View Full Version : Large Hadron Collider hints at Baby Universe

09-21-2010, 04:32 PM
Large Hadron Collider scientists spot potential new discovery: CERN

September 21st, 2010 in Physics / General Physics Enlarge (

Image of a 7 TeV proton-proton collision in CMS producing more than 100 charged particles.

Scientists at the world's biggest atom smasher said Tuesday they appeared to have discovered a previously unobserved phenomenon in their quest to unravel the deepest secrets of the universe.
Results from one of the detectors in the Large Hadron Collider experiment indicated that "some of the particles are intimately linked in a way not seen before in proton collisions," the European Organisation for Nuclear Research (CERN) said on its website.
"The new feature has appeared in our analysis around the middle of July," physicist Guido Tonelli told fellow CERN scientists at a seminar to present the findings from the collider's CMS (Compact Muon Solenoid) detector.
"We have today submitted a paper to expose our findings to the wider (scientific) community," he added, underlining caution and the need for the peer review outside CERN.
Nonetheless, Tonelli, a physicist from Italy's University of Pisa and scientific spokesperson for the CMS detector, underlined that during weeks of cross-checks and critical debate among the team, "we didn't succeed to kill it."
The phenomenon showed up as a "ridge-like structure" on computer mapping graphs based on data from billions of proton collisions in the 3.9-billion-euro (5.2-billion-dollar) machine.
The 27-kilometre (16.8-mile) circular particle accelerator buried under the French-Swiss border is recreating powerful but microscopic bursts of energy that mimic conditions close to the Big Bang that created the universe.
The CMS, one of six experiments around the accelerator, is designed to search for for the elusive and so far theoretical Higgs Boson, commonly nicknamed the "God Particle".
It is also aimed at shedding light on components of dark matter, the mysterious invisible void that makes up 26 percent of the universe.
MIT physicist Gunther Roland, one of the authors of the paper submitted for review, described the latest observation as a "a subtle effect in a complex environment -- careful work is needed to establish its physical origin."
"What we really hope to get is not just ideas, but how to test it," he added during the seminar at CERN's headquarters on the edge of Geneva.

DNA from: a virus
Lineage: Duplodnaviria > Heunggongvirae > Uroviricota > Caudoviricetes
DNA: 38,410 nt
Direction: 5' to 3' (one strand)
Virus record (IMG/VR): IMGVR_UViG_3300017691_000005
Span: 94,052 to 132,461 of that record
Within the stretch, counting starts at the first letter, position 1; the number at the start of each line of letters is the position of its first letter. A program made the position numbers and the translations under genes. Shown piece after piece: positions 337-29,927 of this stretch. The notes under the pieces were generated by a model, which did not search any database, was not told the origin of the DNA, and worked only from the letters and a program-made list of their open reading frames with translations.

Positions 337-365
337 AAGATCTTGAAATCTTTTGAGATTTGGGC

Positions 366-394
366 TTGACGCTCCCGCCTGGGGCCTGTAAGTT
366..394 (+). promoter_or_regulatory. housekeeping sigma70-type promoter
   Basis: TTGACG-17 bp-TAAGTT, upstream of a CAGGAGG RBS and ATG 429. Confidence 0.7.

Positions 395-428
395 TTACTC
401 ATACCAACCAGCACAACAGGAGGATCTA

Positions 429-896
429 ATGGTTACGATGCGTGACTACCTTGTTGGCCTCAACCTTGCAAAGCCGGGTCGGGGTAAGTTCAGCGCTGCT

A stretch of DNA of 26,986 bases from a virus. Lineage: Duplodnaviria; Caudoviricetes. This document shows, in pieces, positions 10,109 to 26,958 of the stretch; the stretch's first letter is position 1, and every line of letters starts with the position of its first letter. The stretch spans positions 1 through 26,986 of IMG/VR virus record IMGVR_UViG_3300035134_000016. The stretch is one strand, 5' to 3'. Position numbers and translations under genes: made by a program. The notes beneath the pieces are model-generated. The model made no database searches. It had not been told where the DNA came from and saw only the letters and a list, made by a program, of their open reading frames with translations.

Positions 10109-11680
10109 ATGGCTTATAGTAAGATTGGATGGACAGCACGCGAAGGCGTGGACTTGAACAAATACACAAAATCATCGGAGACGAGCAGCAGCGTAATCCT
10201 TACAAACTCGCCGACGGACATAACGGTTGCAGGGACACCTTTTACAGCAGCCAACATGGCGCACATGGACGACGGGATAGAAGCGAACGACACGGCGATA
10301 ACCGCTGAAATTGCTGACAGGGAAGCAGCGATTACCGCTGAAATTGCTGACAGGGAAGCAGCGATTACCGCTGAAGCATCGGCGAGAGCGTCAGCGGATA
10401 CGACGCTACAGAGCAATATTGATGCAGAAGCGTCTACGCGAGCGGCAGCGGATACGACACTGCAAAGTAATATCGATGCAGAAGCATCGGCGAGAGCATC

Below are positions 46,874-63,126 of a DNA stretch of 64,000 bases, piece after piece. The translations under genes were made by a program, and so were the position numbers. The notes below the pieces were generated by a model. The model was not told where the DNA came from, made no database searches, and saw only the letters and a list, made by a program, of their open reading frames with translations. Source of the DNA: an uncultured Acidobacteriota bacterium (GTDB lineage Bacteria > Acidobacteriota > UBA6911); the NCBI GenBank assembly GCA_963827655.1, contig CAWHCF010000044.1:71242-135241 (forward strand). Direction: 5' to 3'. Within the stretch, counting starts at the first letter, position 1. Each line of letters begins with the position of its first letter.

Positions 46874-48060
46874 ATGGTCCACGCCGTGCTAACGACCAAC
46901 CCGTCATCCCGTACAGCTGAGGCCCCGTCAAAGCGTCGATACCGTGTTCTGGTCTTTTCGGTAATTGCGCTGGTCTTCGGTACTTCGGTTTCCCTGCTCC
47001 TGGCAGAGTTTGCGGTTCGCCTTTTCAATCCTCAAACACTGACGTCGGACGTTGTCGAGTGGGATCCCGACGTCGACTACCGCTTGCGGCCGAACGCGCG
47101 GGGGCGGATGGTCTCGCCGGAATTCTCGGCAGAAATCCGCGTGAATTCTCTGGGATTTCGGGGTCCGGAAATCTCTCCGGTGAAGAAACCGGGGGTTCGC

The organisation said it bore "some similarity" with observations in a smaller Ion collider at the US Department of Energy's Brookhaven National Laboratory.
Despite applause from their peers at CERN, the CMS team's interpretation of the observation on Tuesday was vigorously challenged during the meeting as scientists bounced suggestions off each other.
"We are stating facts, facts that there is something that we have not seen before," Tonelli responded, as they began the process of seeking endorsement and an explanation for the observation.
After a shaky start and a 14-month delay, experiments at the LHC have since last November replicated discoveries that took decades to complete at the rival Tevatron accelerator in the United States.
The LHC set records for smashing protons fired in beams approaching the speed of light in March.
(c) 2010 AFP

"Large Hadron Collider scientists spot potential new discovery: CERN." September 21st, 2010. (

09-21-2010, 04:33 PM
The big bang machine may already be living up to its nickname. Researchers on the Compact Muon Solenoid (CMS) experiment at CERN's Large Hadron Collider ( near Geneva, Switzerland, have seen hints ( of what may be the hot, dense state of matter thought to have filled the universe in its first nanoseconds.
Quarks are generally trapped in groups of two or three by the gluons that bind them, but in the moments after the big bang, the universe was so hot that they could escape, becoming a fluid of free quarks and gluons.
A signal thought to represent this quark-gluon plasma ( has been seen before, following collisions between ions much heavier than the protons that the LHC smashes together. Now the CMS detector has captured a similar signal.
Whether this really is a quark-gluon plasma is still unknown, but the CMS team hopes to pin this down. "What is happening may be fully understood in the next few months or year," says CMS spokesman Guido Tonelli. (

09-21-2010, 05:48 PM
@Wardakprince: I am afraid that won't be possible until the results are published.It is would be so exciting to see what else they found besides these new particles.


"universe was so hot that they could escape, becoming a fluid of free quarks and gluons"

Does that mean they were able to detect quarks in free state through LHC!!!..???